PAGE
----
(Reuters) - Exxon Mobil Corp, the world’s largest publicly traded oil company, has agreed to disclose more information about the environmental risks of hydraulic fracturing, the process known as fracking.
In an agreement with New York City’s pension funds, which control Exxon shares worth roughly $1.02 billion, the company would report on risks surrounding disposal of fracking waste water, air pollution, methane emissions from oil and natural gas wells, and other issues.
Exxon plans to compile the information and publish it as a report on its website by September.
The New York City Comptroller’s office, which controls the city’s pension funds, agreed as part of the deal to withdraw a shareholder proposal that would have put the disclosure issue up for a vote at the company’s next annual meeting.
The comptroller’s office said it essentially believes that without such information, it cannot make adequate investment decisions and thus part of the pension funds’ investment could be in danger.
“Corporate transparency in this arena is truly necessary for assessing risk and ensuring that all stakeholders have the information they need to make informed decisions,” Scott Stringer, the city’s comptroller, said in a statement.
Last year a similar shareholder proposal received support from roughly 30 percent of shares cast at Exxon’s annual meeting.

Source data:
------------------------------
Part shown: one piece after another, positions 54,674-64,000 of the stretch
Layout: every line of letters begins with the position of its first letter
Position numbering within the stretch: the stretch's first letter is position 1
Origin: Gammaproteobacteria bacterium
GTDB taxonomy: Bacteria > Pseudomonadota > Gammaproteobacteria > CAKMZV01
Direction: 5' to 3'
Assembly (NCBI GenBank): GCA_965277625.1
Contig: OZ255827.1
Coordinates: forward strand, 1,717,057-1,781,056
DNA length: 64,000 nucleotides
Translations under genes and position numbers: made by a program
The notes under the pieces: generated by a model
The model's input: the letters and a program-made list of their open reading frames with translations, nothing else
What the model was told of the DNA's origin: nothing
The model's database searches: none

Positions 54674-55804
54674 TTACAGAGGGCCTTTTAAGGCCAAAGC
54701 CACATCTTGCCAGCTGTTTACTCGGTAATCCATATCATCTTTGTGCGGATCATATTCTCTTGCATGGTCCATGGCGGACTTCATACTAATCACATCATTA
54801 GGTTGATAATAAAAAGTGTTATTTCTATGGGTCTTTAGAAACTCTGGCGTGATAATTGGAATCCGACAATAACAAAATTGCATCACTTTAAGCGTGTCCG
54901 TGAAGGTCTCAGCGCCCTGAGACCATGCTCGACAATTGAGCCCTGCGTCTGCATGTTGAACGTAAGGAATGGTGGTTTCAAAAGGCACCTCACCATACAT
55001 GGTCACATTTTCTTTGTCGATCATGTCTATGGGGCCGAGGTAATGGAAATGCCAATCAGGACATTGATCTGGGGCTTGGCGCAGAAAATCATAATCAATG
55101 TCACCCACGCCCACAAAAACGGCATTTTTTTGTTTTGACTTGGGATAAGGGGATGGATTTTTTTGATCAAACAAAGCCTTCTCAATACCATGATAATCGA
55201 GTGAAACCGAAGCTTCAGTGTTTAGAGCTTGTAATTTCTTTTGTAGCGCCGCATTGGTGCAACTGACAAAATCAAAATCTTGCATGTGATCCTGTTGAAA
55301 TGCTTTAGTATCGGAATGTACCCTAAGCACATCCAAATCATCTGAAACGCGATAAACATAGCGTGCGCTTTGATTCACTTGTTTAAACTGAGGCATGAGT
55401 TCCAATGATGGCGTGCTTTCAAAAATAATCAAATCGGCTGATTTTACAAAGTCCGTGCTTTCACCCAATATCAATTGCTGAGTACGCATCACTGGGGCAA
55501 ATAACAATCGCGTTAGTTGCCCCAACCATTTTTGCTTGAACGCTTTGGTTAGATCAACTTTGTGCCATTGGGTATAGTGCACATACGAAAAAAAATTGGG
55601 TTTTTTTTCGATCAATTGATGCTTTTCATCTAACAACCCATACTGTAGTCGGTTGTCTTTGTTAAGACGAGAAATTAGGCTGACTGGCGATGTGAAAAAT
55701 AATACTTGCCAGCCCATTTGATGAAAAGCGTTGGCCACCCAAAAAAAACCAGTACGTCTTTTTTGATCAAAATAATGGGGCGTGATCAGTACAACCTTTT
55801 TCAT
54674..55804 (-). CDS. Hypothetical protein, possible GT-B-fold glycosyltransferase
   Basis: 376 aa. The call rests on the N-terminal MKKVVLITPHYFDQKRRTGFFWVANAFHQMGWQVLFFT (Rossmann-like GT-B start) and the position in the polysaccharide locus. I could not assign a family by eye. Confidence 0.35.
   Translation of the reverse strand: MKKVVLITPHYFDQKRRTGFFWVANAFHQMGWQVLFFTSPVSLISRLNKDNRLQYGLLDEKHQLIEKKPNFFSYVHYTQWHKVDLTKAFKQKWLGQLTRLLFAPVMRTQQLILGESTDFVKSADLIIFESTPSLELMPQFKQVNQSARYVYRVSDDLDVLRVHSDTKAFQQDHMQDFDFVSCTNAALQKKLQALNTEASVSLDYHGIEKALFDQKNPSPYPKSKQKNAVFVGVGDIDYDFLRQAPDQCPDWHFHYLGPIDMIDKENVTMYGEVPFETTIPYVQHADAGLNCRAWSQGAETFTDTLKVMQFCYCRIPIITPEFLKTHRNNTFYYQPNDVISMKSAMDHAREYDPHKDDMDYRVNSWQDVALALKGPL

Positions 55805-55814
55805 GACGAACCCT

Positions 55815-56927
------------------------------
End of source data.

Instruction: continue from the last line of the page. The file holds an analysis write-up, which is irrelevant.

An agreement with the comptroller, rather than a confrontational shareholder vote, was the most constructive way to address concerns about fracking with the public, said Exxon spokesman Alan Jeffers.
“We understand people have concerns. This activity (fracking) is somewhat new and not understood in some parts of the country,” Jeffers said. “People want more information and the more they know, the better.”
Exxon already discloses some information about its fracking practices through FracFocus, an online registry listing specific chemicals used for fracking across the United States.
The environmental group As You Sow, along with several religious orders, had joined the comptroller’s office in filing the initial shareholder resolution.
Last month Exxon agreed to report on how it views the risks that climate change could post to the value of its assets.
Reporting by Ernest Scheyder; Editing by Leslie Adler and Steve Orlofsky